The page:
(3) Upon notification to the party from whom the court cost is due, and upon failure to pay the fee after such notice, the court may inform the office of administration of any delinquencies in excess of twenty-five dollars. Upon receiving such notice, and without further notice by the office of administration to the defaulting party, the office of administration shall deduct the amount of unpaid court costs from any payment by the state to the defaulting party under any provision of law. The office of administration shall transmit the amount set off to the court, and shall send the excess amount to the payee, with a notice that the remainder of the refund was transmitted to the court in satisfaction of all or part of the unpaid court costs. The office of administration and its officials and employees shall not be liable to any person for any action taken in accordance with the requirements of this subdivision. Any proceeding contesting any action taken by a court or the office of administration pursuant to this subdivision shall be brought in the court which certified such unpaid fees to the office of administration, and shall be deemed ancillary to the proceeding for which such unpaid fees were assessed. No appearance, responsive pleading or discovery shall be due from the office of administration in such proceeding except upon order of the court;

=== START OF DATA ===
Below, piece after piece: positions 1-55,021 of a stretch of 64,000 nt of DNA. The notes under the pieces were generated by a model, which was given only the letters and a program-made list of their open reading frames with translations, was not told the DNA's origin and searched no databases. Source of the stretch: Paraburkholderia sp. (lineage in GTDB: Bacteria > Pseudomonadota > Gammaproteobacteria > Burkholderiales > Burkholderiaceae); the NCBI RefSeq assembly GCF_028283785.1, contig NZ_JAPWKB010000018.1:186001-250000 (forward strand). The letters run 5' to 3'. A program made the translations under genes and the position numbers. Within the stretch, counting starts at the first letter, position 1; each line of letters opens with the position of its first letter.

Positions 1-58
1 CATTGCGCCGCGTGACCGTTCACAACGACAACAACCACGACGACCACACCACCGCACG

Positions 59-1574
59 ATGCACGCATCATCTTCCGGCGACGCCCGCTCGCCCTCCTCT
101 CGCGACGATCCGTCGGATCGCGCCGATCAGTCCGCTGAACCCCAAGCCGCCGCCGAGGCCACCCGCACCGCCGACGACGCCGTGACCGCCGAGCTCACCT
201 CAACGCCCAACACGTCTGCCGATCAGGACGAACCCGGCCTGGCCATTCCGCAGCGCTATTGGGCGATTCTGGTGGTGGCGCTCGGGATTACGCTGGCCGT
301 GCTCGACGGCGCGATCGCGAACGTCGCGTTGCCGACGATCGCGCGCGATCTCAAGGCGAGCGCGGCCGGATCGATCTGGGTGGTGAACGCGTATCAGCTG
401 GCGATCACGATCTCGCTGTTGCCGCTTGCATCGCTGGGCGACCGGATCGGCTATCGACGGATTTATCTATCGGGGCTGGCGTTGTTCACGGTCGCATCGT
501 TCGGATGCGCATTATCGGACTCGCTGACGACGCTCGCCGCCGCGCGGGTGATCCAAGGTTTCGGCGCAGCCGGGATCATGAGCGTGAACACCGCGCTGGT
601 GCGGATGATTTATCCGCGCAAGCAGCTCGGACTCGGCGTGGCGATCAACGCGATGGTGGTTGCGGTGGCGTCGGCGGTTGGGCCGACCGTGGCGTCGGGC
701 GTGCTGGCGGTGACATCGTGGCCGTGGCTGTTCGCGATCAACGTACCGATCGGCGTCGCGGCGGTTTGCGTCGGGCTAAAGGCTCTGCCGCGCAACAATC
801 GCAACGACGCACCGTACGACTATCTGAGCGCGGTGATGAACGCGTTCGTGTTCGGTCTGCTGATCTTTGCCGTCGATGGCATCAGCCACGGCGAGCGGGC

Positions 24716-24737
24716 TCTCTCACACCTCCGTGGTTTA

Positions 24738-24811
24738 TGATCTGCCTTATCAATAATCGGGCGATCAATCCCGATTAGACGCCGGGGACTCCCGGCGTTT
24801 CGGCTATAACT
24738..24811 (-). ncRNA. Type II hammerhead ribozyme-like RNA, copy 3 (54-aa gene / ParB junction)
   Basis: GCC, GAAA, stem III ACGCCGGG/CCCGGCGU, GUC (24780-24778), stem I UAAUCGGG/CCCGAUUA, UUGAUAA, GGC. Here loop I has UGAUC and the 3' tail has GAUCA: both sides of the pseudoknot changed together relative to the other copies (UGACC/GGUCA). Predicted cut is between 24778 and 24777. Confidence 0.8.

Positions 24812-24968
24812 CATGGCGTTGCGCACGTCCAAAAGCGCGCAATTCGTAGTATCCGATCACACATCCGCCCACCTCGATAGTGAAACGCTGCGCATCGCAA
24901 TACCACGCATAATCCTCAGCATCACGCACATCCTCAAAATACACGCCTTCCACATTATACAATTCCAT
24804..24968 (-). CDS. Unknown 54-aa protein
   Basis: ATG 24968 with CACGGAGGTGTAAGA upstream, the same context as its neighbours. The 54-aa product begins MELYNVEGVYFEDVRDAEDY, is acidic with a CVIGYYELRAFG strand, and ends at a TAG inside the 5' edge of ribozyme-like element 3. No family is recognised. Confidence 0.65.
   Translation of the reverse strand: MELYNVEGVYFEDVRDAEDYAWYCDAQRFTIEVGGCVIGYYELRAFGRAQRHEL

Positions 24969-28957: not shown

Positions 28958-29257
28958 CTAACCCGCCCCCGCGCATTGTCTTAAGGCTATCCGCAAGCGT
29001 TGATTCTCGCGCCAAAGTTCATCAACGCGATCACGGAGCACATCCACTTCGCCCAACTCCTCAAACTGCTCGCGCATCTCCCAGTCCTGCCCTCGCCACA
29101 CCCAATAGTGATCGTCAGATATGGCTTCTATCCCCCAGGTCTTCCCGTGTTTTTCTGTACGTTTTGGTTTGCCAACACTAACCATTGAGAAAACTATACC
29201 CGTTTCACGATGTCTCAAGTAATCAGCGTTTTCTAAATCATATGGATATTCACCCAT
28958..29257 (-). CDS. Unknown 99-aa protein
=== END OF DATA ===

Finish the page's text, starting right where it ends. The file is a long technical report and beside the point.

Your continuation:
(4) Upon notification to the party from whom the fee is due, a failure to pay the fee after such notice, and a showing of the party's ability to pay the fee, the court may hold the party in contempt.
another or different remedy for the recovery of the same may be specified in the law imposing the fine, penalty or forfeiture; provided, that in all cases the fine, penalty or forfeiture shall go to the state, county, corporation, person or persons to whom the law imposing the same declares it shall accrue.
Incarceration, Increased fine
The Criminal Justice Debt Reform Builder is a project of the National Criminal Justice Debt Initiative of the Criminal Justice Policy Program at Harvard Law School in collaboration with the Berkman Klein Center for Internet & Society at Harvard University and with user experience design by metaLAB (at) Harvard.